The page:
Body Blog: Plan Your Plate & Stop Your Food Binge

[For this week’s Body Blog, we’re turning to our friend and college nutritionist Melanie Jatsek to help a reader in need. Though we’re pretty sure the girl who wrote in isn’t the only one with this problem….]

Dear College Candy,

Thank you so much for your topics on health and fitness. As a college student, I feel very self-conscious about my body, and it causes a great deal of self-esteem issues. Especially around midterms, eating binges for me are fairly common.  What is the best way to prevent this?  Also, I live with two boys who eat WHATEVER they want… how do I avoid eating what they eat??

Thank You,
Binging Betty

Dear Binging Betty,

When you’re tired, you sleep.  When you’re thirsty, you drink.  When you’re hungry, stressed, sad, or bored…you eat!  Get the picture?

Food is medicine for the body, but often times we eat it to self-medicate.  We aren’t self-medicating with carrots sticks either – it’s more like M&M’s, chips and ice cream.  This doesn’t make you a bad person, it makes you human!  When it occurs too often, however, it can lead to food binges.  Depression, guilt, name-calling and a zap in your energy level are usually the result.

The two best ways to stop your food binge:  Plan your plate and follow the 80-20 rule.

Plan your plate:

Skipping meals and eating foods loaded with fat, salt and sugar will set you up for failure.  More recent studies have shown these types of foods to be addicting in nature.  In other words, they’re absolutely irresistible and compel you to eat more!  Think about the last time you opened up a bag of potato chips – did you eat just one or several handfuls?

If you want to put an end to your food binges, you have to start by eating three well-balanced meals and snacks throughout the day.  Visualize your plate like one of those 3-compartment Styrofoam plates you see at your family parties.  The biggest compartment is your “carbohydrates,” the medium compartment is your “proteins” and the smallest compartment is your “healthy fats.”

Carbohydrates = beans and legumes, grains, fruits, vegetables, yogurt

Proteins = beans and legumes, cheese, eggs, fish/seafood, meats/poultry, milk, protein powder, soy, yogurt

Healthy Fats = oils, nuts, seeds, nut and seed butters, avocados, olives

When planning your meals, it’s important to include all three because they each serve a purpose.  Carbohydrates give you energy, protein helps you stay alert and focused, and fat keeps you feeling satisfied after your meal so that you won’t find yourself wandering over to the fridge to see what else you can munch on.  Don’t forget to drink plenty of water throughout the day too.  Dehydration can make you feel hungry, when all you really need is a few sips of water.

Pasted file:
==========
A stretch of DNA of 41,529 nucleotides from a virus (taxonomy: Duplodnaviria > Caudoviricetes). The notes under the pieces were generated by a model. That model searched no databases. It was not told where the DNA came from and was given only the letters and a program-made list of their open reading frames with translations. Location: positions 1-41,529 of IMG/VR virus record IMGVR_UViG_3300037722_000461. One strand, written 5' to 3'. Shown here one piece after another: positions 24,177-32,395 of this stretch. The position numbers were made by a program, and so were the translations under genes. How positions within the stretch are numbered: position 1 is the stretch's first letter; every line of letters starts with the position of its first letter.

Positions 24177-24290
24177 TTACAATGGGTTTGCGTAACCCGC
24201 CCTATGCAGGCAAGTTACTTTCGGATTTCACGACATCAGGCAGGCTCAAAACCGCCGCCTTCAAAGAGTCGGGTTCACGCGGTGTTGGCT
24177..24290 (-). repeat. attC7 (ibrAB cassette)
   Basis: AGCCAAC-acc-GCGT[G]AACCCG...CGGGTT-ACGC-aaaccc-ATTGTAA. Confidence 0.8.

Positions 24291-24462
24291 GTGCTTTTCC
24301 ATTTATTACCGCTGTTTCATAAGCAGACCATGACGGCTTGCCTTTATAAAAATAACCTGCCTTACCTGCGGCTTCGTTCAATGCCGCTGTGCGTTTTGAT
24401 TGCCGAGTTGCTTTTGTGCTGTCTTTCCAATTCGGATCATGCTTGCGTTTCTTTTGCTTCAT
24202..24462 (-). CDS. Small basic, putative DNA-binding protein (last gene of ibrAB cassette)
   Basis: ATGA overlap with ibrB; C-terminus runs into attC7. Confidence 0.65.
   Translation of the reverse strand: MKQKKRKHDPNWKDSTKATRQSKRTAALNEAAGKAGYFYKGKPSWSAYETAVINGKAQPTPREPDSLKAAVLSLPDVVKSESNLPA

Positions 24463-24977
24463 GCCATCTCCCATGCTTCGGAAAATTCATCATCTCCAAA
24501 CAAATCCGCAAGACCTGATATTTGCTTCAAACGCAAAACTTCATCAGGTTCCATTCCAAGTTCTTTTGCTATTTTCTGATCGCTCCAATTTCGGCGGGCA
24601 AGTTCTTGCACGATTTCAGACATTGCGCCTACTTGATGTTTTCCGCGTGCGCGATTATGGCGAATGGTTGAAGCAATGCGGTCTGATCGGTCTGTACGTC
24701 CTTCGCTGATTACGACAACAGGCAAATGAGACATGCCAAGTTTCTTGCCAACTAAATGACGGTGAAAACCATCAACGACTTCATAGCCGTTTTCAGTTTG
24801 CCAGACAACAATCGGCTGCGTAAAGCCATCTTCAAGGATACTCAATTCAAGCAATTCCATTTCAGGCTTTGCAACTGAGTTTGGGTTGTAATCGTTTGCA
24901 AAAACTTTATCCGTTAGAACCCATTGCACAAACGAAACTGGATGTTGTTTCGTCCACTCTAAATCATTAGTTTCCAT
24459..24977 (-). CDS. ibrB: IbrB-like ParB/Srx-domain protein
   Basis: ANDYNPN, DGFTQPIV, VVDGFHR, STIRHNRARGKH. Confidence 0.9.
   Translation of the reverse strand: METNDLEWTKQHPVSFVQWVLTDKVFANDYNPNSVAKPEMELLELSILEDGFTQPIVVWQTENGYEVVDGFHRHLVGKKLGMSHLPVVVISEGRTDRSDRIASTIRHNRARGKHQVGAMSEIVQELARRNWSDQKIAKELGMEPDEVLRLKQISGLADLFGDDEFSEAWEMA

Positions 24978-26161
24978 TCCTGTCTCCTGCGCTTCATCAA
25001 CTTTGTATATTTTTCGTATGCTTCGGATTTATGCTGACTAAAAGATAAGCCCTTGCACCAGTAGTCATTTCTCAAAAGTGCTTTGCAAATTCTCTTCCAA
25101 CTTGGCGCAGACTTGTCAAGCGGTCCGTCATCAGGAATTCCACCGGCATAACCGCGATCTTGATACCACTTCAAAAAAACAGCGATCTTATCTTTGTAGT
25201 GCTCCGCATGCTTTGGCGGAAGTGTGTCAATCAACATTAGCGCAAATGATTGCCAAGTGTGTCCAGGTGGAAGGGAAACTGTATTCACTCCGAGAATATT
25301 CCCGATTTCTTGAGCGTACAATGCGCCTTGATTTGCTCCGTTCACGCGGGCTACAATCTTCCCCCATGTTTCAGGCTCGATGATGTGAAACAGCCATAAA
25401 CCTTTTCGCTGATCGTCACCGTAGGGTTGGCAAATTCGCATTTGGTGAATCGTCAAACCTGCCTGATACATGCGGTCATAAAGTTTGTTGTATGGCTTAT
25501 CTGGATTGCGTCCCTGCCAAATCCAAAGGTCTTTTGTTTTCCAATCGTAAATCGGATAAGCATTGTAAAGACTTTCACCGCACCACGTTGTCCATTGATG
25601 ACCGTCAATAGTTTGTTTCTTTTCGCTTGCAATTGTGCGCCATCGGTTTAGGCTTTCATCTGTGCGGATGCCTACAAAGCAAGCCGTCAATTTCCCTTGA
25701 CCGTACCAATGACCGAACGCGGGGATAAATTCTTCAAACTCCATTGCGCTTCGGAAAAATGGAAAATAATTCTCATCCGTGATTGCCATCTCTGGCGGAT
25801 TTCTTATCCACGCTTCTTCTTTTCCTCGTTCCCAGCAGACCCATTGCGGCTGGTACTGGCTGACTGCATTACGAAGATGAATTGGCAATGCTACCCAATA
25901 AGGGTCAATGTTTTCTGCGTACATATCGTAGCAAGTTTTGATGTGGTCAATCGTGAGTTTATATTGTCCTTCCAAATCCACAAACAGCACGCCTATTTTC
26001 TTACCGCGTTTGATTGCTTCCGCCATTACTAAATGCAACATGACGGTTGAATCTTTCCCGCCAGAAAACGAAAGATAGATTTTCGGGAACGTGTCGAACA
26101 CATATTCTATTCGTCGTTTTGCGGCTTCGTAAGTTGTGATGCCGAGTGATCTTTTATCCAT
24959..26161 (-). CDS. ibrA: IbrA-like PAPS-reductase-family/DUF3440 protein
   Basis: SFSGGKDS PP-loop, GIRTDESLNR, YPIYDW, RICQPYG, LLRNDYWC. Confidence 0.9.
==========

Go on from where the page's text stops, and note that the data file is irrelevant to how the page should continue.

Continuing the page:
An example of a well-balanced meal to keep you focused, energized and satisfied during a busy, stressful week would be:

* 3 ounces of baked chicken or salmon (protein)
* 1 cup of cooked brown rice (carbohydrate) and ½ cup of black beans (protein/carbohydrate)
* 1 cup of steamed broccoli (carbohydrate) drizzled with 1 tablespoon of balsamic vinaigrette salad dressing (fat) and sprinkled with a small handful of crushed peanuts or walnuts (fat)
* 16 ounces of water to drink

The 80-20 rule:

What if you’re just dying for some chocolate or potato chips? Do you ignore the craving and hope it goes away?  NO!  You make room for it.  The 80-20 rule means that 80% of the time you eat well-balanced meals and snacks and 20% of the time you have a little fun!  All foods fit in a healthy diet.  Trying to live an “all or nothing” lifestyle is the fastest way to failure.  Besides, your brain doesn’t like to be told it can’t have something.  Have you ever tried giving up your favorite “sinfully delicious” food?  You wind up obsessing over it, don’t you?  By removing the words “can’t have” from your vocabulary, you render those M&M’s powerless!

To stop you from polishing off that whole bag of chips or M&M’s, follow these two simple rules:

1. Never eat them when you’re hungry or as a snack.  This spells D-I-S-A-S-T-E-R!

2. If you really have a taste for them, eat them with or directly after a well-balanced meal to weaken their addictiveness.  For example: a handful of chips with a chicken breast sandwich on whole grain bread or a small snack pack of M&M’s afterward.

You’ll find that when you build your diet around a solid base of healthy carbohydrates, proteins and fats 80% of the time, your taste buds will change a bit and you’ll slowly start to prefer more of these foods and less of the salty and sweet ones.  In other words, you lose taste for them.

If you happen to have a craving for your favorite “sinfully delicious” foods, remember there’s room for them – 20% of the time.  Don’t be surprised though if you find yourself less tempted by them.  When you start making positive changes in your eating habits you’ll begin to view food a little differently.  That once absolutely irresistible ooey gooey chocolate chip cookie will now just be…well…. a cookie.

Get more healthy tips and tricks from Melanie right here.

[Melanie Jatsek is an author, speaker and registered dietitian who teaches college students how to eat to look better, feel better, think better and stress less!  Send her an email at [email protected] or connect with her on her new Facebook page for college students: “The Healthy Campus Project.”]

Candy Dish: Belt it Out Harry
Candy Dish: Belt it Out Harry
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